Climate-scale chlorophyll patterns in the tropical Pacific from a 51 year statistical reconstruction
Uz, Stephanie Schollaert
Busalacchi, Antonio J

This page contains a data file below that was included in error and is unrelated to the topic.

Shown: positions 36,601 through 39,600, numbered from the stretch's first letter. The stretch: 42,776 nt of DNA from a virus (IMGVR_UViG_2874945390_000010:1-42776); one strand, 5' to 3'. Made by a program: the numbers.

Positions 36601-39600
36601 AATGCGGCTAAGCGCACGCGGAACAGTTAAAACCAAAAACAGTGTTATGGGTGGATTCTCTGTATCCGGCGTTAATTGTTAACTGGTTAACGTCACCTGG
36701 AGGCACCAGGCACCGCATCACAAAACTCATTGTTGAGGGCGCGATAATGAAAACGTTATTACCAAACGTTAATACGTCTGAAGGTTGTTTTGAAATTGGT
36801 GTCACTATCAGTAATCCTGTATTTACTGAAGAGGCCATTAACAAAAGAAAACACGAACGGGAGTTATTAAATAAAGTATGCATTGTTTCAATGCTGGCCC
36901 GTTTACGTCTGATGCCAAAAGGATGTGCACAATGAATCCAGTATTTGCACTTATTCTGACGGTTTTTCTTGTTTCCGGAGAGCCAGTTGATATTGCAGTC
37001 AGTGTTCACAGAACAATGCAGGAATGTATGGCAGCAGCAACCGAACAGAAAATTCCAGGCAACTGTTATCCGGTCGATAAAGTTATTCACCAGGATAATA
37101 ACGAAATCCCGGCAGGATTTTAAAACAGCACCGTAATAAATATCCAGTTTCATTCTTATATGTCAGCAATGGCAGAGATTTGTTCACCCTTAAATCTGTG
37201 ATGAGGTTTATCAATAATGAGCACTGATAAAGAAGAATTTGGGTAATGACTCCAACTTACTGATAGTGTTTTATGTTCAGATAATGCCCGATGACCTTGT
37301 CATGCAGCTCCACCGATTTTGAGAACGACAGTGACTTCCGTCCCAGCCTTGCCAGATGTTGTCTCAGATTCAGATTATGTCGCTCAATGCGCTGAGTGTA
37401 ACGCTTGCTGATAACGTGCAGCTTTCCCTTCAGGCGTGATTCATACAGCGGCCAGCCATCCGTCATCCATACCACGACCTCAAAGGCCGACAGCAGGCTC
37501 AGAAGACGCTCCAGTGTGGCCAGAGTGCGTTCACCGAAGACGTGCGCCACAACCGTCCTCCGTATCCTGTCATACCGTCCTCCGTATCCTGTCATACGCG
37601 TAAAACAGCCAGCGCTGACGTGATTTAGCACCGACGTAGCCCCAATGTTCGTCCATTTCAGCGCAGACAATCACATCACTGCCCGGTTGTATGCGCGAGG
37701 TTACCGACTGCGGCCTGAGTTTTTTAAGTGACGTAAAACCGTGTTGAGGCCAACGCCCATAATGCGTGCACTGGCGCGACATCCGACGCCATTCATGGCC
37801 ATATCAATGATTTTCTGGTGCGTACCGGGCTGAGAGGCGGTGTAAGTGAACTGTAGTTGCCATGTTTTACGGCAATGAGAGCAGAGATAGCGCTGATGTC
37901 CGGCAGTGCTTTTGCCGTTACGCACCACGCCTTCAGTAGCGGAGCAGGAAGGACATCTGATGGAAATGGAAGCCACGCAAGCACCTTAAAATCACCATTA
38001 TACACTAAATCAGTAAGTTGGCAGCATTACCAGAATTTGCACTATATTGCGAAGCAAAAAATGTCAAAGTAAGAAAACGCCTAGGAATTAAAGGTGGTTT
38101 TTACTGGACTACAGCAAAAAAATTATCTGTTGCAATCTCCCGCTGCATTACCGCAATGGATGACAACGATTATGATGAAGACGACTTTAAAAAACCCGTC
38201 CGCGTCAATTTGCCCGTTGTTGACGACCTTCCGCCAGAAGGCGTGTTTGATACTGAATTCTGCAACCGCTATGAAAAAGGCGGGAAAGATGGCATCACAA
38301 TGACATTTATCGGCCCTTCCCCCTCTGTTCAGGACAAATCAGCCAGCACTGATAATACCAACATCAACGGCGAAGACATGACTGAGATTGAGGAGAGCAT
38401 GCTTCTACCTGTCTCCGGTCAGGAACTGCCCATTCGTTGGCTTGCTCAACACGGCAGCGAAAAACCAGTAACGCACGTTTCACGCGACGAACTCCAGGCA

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Understanding large, slow biological changes in the oceans has been hindered by a lack of spatial coverage by direct measurements and a lack of temporal coverage by satellite remote-sensing observations. Global ocean surface chlorophyll, a proxy for phytoplankton standing stock, has been derived from satellites for over a decade. With these measurements, the strong connection between ocean physics and biology has become clear and provided new insights about what drives seasonal and interannual biological processes. At longer time scales, however, there are many unanswered questions about the variability of phytoplankton in the ocean that plays a critical role in the carbon cycle as well as the marine food web. Statistical reconstructions have been used by others to extend physical climate variables in space and time. Taking advantage of the fact that physical forcing has been found to be the primary driver of biological primary production in the tropical Pacific, especially during El Niño, the most closely correlated physical variables are used as predictors in a statistical reconstruction to extend monthly chlorophyll anomalies from just over a decade to just over five decades between 1958-2008. The reconstructed chlorophyll is evaluated through leave-one-out-cross-validation, compared to several independent data sets: in situ samples, another ocean color satellite data set, model output from a dynamic, fully-coupled ocean circulation-biogeochemistry model. Highest skill in the tropical Pacific reconstruction is away from the coast and within 10o of the equator, including areas known as Niño 3/3.4/4. Over the half-century of chlorophyll anomalies, the most dominant climate pattern apparent in the reconstruction is associated with the interannual El Niño followed by the Pacific Decadal Oscillation. Biological distinctions emerged between the east Pacific El Niño events and those that only extend to the central Pacific. Chlorophyll anomalies were compared between regimes to ascribe physical forcing mechanisms. While the overall patterns were consistent with what is known about the impact of ENSO on biology, with the PDO primarily serving to amplify or damp ENSO, a narrow equatorial band consistently displayed an inverse response to the rest of the equatorial cold tongue: lower values during the PDO cool phase between 1958-1976, higher values during the PDO warm phase between 1977-1995. A likely explanation for this anomaly is linked to variability in the depth of the Equatorial Undercurrent that transports iron to the high-nutrient, low-chlorophyll east Pacific. These and other ideas are explored to demonstrate the feasibility and utility of reconstructing ocean color chlorophyll to address open questions about large-scale, low frequency primary production that forms the base of the marine food web and plays an important role in Earth’s climate system.